You think facial expression is unknowable because, while it generally means a certain subset of things (happy/sad)…it has no fixed nature. Facial expression can mean the opposite of what it intends, or have no relation at all to what a person feels. (Not to mention eye contact, its sun-god chaos.)
You learned about Noh when you were a teenager. It’s a form of Japanese theater; been practiced since the 14th century. To this day, you read about it. You watch videos of Noh performances.
Noh takes facial expression and turns it into a code…a simple, rigid, easy to understand, never-changing code.
The code takes the form of masks. Masks carved from cypress. These masks signal to the audience everything they need to know about a character…their age, social status, their emotional state and so on.
You think Noh is magic. You love watching those videos.
For you, Noh gets that we all feel lost and alone, trapped behind faces…faces that shift and conceal and make it hard to know the people around us.
Noh makes a simple code of masks and dispels the confusion. It counter-balances the codes we are born without. People know precisely who a character is, what they’re about. The performers and the audience have a shared experience. Briefly, so briefly, they are unlost, connected.
(they are, briefly, on the right side of the river)
You watch those videos. You imagine a world where we all wear Noh masks, always, every second of every day. You love this world. Sometimes in this world, we put on plays where actors perform without masks…their true faces are the novelty and the audience delights in their sense of shared confusion.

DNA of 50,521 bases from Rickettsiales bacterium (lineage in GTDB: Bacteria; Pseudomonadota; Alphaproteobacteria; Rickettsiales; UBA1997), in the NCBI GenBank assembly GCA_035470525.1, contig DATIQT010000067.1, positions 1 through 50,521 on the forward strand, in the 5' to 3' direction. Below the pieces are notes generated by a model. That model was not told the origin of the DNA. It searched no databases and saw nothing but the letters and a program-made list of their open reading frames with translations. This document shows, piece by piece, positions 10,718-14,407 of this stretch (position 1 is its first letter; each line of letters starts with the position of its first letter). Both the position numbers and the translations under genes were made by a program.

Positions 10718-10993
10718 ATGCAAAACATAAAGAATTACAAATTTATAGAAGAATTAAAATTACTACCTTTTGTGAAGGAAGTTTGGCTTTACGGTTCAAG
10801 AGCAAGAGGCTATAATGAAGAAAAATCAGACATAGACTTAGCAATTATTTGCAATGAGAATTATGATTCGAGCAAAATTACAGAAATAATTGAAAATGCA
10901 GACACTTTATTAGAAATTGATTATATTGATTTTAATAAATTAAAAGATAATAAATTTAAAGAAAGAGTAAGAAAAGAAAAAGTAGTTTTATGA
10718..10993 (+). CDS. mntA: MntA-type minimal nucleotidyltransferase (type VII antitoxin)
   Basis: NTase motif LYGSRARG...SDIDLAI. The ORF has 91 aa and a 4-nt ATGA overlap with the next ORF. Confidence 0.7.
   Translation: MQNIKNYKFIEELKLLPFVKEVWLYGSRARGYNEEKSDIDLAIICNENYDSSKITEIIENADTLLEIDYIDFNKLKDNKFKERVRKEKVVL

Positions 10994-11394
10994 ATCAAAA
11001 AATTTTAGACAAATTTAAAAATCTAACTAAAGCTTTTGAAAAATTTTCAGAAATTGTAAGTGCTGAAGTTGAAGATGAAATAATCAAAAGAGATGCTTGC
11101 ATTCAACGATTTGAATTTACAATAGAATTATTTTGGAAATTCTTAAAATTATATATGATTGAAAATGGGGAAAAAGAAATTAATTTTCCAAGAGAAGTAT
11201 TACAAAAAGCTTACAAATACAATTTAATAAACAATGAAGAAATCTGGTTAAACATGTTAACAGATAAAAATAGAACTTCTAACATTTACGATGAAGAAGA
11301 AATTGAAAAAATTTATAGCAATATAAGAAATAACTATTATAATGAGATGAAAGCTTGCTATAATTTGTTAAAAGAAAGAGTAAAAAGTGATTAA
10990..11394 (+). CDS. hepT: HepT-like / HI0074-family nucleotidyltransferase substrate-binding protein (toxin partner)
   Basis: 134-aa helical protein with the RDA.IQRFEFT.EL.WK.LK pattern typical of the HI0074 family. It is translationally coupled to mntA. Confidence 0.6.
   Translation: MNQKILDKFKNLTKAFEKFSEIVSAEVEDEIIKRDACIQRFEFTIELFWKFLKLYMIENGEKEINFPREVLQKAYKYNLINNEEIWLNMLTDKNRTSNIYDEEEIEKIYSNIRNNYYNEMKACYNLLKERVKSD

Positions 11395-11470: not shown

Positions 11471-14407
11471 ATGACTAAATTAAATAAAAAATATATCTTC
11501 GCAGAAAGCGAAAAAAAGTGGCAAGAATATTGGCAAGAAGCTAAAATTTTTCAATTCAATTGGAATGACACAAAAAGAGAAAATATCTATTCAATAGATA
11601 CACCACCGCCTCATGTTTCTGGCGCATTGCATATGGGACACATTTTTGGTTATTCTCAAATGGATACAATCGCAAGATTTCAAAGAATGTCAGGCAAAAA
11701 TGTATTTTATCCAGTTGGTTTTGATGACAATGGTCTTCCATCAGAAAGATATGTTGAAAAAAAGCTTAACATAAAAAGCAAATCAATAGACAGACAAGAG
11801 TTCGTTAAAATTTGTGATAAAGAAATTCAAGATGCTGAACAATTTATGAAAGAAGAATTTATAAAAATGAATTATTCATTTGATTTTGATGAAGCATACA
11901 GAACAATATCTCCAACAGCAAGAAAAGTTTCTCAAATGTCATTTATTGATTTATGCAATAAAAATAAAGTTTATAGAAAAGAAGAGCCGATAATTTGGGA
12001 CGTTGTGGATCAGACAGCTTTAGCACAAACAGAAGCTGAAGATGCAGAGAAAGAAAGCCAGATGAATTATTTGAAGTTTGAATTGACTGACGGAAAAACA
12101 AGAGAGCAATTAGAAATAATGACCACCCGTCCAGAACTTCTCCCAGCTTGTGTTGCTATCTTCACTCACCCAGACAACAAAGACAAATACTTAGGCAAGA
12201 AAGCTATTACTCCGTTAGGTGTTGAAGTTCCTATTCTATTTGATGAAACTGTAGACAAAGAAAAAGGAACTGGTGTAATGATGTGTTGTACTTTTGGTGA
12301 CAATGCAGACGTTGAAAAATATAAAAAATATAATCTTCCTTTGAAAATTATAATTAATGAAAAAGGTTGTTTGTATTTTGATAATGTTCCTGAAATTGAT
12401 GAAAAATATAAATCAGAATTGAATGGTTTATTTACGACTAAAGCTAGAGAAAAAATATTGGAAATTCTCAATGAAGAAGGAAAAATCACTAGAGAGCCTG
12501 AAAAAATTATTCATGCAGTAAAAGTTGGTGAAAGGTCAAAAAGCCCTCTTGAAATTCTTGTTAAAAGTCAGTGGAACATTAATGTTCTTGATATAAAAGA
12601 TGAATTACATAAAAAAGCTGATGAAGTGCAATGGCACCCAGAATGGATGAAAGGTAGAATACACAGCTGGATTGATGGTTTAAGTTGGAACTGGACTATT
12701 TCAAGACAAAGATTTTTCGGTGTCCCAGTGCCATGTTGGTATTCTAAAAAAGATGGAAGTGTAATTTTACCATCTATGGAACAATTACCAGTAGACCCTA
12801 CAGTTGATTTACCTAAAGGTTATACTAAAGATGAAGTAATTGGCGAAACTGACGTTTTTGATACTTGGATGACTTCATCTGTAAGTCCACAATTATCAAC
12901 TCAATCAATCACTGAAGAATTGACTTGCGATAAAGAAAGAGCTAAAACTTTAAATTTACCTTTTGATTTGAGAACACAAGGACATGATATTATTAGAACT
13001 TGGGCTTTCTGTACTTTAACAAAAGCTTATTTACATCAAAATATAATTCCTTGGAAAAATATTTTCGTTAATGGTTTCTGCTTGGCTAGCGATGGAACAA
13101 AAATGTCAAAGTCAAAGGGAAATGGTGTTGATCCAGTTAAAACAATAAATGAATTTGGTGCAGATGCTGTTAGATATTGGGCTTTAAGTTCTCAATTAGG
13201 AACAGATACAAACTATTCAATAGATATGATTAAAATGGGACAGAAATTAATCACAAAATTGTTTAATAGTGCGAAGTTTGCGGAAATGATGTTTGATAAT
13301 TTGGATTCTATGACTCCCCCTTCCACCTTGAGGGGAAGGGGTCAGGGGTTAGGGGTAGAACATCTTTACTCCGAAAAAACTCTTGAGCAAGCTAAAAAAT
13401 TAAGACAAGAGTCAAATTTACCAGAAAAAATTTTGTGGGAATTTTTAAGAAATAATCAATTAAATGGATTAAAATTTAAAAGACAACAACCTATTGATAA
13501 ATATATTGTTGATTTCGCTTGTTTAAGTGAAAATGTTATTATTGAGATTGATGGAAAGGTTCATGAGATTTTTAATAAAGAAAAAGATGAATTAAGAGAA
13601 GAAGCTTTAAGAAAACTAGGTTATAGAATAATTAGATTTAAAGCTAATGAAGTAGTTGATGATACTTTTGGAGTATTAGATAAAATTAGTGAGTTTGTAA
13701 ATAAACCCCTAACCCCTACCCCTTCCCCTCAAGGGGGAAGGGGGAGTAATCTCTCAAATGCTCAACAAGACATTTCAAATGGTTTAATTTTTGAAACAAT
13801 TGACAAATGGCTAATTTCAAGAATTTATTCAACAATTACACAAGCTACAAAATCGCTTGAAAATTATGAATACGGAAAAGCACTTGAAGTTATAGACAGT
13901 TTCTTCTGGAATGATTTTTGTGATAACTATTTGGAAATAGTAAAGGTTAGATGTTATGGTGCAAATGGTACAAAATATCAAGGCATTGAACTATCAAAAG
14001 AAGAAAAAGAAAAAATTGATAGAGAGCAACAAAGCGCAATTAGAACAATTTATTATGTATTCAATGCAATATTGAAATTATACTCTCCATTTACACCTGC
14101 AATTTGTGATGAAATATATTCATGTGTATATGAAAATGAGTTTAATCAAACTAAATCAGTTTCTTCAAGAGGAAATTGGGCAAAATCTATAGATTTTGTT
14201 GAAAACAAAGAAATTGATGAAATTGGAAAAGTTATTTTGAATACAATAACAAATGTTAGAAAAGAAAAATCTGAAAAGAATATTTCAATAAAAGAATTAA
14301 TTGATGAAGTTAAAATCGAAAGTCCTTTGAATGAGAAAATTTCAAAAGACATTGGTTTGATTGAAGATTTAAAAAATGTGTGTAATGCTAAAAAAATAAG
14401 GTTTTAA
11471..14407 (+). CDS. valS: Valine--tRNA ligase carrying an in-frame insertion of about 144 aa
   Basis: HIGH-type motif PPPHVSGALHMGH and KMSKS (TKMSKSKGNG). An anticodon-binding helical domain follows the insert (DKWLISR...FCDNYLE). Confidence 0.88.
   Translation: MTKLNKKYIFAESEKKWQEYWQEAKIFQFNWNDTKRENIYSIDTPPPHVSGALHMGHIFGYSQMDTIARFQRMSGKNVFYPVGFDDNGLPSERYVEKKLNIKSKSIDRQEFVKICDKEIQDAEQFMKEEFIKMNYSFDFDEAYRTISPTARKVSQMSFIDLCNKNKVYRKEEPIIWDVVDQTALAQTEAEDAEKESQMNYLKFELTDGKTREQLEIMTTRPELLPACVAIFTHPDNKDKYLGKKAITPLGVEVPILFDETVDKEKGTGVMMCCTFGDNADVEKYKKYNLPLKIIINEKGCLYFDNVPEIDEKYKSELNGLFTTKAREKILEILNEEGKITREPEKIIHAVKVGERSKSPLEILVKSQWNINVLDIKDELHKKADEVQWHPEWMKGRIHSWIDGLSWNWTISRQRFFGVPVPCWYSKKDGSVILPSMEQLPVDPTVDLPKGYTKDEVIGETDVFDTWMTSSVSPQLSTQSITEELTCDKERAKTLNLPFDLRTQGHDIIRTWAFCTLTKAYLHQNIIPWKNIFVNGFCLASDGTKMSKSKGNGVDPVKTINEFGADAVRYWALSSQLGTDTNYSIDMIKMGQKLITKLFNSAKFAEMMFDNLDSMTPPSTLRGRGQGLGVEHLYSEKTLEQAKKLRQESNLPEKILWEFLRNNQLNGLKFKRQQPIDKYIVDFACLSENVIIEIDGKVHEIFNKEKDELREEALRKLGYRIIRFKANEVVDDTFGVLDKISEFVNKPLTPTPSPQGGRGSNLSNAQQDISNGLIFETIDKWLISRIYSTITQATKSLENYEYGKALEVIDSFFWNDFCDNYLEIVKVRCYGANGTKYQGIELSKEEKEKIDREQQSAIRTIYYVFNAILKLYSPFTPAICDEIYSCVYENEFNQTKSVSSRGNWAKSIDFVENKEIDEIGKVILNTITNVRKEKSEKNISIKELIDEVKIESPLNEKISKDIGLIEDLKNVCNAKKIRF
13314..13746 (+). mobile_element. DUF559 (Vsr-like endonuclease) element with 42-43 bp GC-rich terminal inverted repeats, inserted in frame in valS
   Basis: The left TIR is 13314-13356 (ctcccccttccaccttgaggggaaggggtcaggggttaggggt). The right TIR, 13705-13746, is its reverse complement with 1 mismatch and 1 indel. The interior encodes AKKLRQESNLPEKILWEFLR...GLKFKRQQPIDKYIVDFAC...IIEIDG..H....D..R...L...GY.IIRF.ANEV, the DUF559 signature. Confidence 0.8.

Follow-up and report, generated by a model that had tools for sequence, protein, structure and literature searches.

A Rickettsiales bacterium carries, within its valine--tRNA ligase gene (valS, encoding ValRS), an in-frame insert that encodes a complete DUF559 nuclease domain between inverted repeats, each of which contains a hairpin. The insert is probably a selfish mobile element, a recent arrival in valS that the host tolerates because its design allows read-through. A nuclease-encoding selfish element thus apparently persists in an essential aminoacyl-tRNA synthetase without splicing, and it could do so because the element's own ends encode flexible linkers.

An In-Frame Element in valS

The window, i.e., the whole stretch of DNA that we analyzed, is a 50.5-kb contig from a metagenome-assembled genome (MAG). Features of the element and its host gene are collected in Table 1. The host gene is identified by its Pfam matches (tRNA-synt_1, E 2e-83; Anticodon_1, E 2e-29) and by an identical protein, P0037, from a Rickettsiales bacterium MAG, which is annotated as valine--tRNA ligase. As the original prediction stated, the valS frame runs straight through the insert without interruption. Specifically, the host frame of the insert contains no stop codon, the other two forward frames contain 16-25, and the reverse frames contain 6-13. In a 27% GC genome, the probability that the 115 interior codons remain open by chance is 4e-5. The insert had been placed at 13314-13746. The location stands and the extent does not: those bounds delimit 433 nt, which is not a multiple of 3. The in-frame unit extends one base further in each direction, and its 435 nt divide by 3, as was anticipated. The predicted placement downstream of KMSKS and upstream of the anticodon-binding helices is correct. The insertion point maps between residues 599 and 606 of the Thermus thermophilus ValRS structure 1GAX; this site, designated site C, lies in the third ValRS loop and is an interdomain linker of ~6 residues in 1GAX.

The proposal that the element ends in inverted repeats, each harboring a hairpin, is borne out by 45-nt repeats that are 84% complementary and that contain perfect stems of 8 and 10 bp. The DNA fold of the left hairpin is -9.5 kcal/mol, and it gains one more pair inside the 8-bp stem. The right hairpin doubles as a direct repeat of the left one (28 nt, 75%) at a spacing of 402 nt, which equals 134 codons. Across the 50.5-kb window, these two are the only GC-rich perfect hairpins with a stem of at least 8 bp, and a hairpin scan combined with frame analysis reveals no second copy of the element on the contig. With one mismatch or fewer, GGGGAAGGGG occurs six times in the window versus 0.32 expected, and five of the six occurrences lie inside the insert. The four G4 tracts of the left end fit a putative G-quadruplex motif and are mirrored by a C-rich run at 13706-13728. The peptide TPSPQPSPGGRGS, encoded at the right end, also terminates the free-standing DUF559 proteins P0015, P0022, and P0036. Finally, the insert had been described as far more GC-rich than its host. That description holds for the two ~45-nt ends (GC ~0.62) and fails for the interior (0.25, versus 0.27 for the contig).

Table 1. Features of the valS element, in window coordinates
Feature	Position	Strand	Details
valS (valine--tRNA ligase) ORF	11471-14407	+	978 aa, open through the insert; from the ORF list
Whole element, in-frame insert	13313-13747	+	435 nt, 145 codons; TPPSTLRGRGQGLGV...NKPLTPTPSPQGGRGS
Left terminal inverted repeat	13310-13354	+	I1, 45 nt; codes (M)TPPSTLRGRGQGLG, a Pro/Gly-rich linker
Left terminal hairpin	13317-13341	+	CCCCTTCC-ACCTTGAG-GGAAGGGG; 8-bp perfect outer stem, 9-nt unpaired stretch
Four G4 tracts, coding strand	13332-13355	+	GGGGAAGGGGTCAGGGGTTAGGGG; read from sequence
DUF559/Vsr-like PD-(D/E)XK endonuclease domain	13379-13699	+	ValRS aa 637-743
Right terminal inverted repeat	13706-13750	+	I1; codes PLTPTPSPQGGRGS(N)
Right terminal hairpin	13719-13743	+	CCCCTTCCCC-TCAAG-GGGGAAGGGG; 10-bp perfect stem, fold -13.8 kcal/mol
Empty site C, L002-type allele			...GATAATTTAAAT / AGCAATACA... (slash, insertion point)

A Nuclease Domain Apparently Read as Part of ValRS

From Noh masks to no masks.
(You used to read Pinocchio because, for a long time, you thought you were a marionette. [Obviously you preferred the original ending]. Geppetto makes Pinocchio out of pine, not cypress. The lack of synchronicity is a constant source of frustration for you. There is a small amount of debate regarding the kind of wood Pinocchio was fashioned from, so you cling to that. You study the geographical distribution of cypress, and yes, there’s Cupressus sempervirens (Italian cypress), but it’s a small tree- too small to craft marionettes from. And ‘pino’ means pine in Italian, so you bristle and study trees and words and try to reach a different conclusion.)
You met the Blue Fairy one time. She was a psychologist. She had been trained to be very still during sessions. The idea is that if clients can’t sense your reactions, they won’t feel judged or whatever.
The psychologist…she didn’t move a lot…she didn’t make facial expressions. You enjoyed the quiet of that, so you stuck around and said this and that.
The psychologist focused on your lack of body language, and all the stuff where you can’t make sense of non-verbal expression. She said you were good with words because words made more sense to you…you could access words in a way you couldn’t access more subtle forms of social information.
You thought, “I don’t know”. It was interesting enough, but you just added her ideas to you collection of interpretations. You had a lot of them by that point.
You told her about some of those interpretations- Noh masks and marionettes and Cupressus sempervirens and all of that. You didn’t know what she made of it, because her face never moved and she was so still.
Anyway, that’s how you met the Blue Fairy.
Instead of magic and a wand, she had autism training and a diagnostic manual.
Cycling through it all.
Briefly…never long enough…on the right side of the river.